Young kids love musical chairs. Part of it is the mad dash to claim the last seat in the room, but part of it is the excitement of the music, and the scramble that ensues when it turns on and off. Take some of that spirit and incorporate it into an indoor obstacle course of sorts. You’ll set up 8 stations across your living room, invite a bunch of your child’s friends, and get the music cued and ready to go. Underneath the fun, each of the stations helps kids fine-tune their motor skills, which will help strengthen their hands for writing.
Station 1: Cutting Draw several thick lines from one end of a paper to the other. Your child will use scissors to cut on the lines. If your child can already cut well in a line, try drawing some shapes for him to cut out.
Station 2: Stringing beads Place a shoelace and some beads at the station and have your child string the beads. You can also string cheerios or other o shaped cereal (or anything else that has a hole in the middle).
Station 3: Tower building Place 8-12 small blocks at the station and have your child build a tower. Or make something (a bridge or house) out of the blocks and have your child copy the structure.
Station 4: Lacing Take a piece of cardboard and punch holes around the outside. Have your child use a piece of yarn (with a piece of tape wrapped around its end) and "lace" the board, by bringing the yarn down one hole and up through another hole. Continue until all of the holes are laced. (You can also use an old shoelace for this activity.)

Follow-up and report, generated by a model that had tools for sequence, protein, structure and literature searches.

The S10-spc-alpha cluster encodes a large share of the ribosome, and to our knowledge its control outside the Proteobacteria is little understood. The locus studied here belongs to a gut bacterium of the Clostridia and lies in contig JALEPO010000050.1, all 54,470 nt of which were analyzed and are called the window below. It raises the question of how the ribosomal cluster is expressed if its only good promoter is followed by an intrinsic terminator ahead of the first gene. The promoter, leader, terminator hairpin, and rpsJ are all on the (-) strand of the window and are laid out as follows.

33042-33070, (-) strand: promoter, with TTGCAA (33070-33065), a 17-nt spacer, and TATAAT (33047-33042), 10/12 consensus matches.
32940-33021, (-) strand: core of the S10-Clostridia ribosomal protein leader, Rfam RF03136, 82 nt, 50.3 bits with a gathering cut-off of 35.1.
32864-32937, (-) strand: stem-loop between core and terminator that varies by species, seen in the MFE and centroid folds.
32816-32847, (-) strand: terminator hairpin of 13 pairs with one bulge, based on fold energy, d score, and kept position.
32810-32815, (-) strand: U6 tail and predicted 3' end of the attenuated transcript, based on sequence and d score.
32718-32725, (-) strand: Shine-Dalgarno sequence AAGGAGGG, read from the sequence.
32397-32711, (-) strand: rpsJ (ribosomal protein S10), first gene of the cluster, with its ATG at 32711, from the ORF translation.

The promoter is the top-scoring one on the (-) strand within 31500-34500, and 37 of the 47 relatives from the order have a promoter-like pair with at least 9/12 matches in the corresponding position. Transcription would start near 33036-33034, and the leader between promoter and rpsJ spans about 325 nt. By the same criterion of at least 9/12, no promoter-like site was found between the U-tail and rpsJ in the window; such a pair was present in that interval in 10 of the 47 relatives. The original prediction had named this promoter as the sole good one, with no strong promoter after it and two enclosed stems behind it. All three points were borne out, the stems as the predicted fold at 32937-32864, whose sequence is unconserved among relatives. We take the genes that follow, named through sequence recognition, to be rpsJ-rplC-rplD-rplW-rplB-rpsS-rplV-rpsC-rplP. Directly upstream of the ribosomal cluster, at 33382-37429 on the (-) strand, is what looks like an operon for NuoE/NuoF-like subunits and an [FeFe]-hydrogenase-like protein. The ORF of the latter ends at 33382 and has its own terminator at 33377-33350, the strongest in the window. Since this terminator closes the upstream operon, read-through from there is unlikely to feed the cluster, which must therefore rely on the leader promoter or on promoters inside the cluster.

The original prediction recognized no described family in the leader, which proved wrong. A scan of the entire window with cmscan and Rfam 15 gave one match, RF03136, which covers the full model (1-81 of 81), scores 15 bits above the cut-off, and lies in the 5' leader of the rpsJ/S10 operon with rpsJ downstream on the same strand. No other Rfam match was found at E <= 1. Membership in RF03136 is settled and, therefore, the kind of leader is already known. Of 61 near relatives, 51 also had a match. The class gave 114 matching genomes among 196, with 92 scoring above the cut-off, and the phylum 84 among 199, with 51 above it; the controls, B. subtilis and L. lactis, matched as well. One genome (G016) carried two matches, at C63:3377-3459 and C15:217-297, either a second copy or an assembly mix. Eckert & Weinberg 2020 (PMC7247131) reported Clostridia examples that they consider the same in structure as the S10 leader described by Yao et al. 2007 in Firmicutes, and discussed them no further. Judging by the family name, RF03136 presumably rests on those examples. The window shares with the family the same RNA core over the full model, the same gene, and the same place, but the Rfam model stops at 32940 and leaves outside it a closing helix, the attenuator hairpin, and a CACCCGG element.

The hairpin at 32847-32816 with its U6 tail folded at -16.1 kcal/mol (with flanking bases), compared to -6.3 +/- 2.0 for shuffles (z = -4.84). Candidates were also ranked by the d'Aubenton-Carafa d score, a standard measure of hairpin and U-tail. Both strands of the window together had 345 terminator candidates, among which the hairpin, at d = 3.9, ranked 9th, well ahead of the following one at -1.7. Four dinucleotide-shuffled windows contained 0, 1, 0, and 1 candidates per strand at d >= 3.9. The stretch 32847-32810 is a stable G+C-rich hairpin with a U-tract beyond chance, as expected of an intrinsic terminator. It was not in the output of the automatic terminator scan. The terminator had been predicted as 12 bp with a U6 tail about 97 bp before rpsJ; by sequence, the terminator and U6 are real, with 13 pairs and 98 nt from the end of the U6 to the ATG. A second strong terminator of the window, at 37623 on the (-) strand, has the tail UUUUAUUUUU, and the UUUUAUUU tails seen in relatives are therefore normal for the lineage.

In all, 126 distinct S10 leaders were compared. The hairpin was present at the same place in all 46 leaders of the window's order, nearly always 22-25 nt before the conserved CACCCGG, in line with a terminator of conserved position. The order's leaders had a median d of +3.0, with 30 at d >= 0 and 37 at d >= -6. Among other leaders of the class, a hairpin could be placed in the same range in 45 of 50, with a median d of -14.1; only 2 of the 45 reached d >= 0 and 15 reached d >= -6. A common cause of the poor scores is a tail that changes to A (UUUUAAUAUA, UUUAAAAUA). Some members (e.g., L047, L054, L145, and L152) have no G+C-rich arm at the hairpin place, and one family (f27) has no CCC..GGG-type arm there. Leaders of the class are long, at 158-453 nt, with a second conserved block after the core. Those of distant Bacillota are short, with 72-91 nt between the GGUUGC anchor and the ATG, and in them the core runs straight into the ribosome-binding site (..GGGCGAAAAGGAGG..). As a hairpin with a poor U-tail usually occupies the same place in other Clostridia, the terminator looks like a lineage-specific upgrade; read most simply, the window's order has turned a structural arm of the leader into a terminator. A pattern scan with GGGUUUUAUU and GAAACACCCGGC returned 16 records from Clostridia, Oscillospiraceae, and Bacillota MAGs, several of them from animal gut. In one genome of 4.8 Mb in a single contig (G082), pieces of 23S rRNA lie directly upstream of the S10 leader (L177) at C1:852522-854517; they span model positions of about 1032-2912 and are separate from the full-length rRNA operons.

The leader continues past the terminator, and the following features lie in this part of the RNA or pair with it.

Station 5: Puzzles Place a puzzle or two at this station for your child to complete.
Station 6: Copying Draw several shapes on a piece of paper and have your child copy the shapes using a crayon, pencil, or marker.
Station 7: Tracing Draw several shapes or figures using a yellow marker. Have your child trace the shapes or figures using a crayon or pencil.
Station 8: Pinching Place some rice and a small cup at this station. Your child should use his pincer grasp (thumb and pointer finger) to place one piece of rice at a time into the cup. This may seem like a random set of stations, but each of these activities gives your child a boost towards the muscle strength and coordination she’ll need for writing. Plus, they’re just plain fun!
Sarah Richards has an M.A. in Early Childhood Development and a B.S. in Child Development. She's spent 6 years teaching kindergarten and first grade. Before that, she was a child development specialist for young children with special needs. She has also worked in the preschool classroom.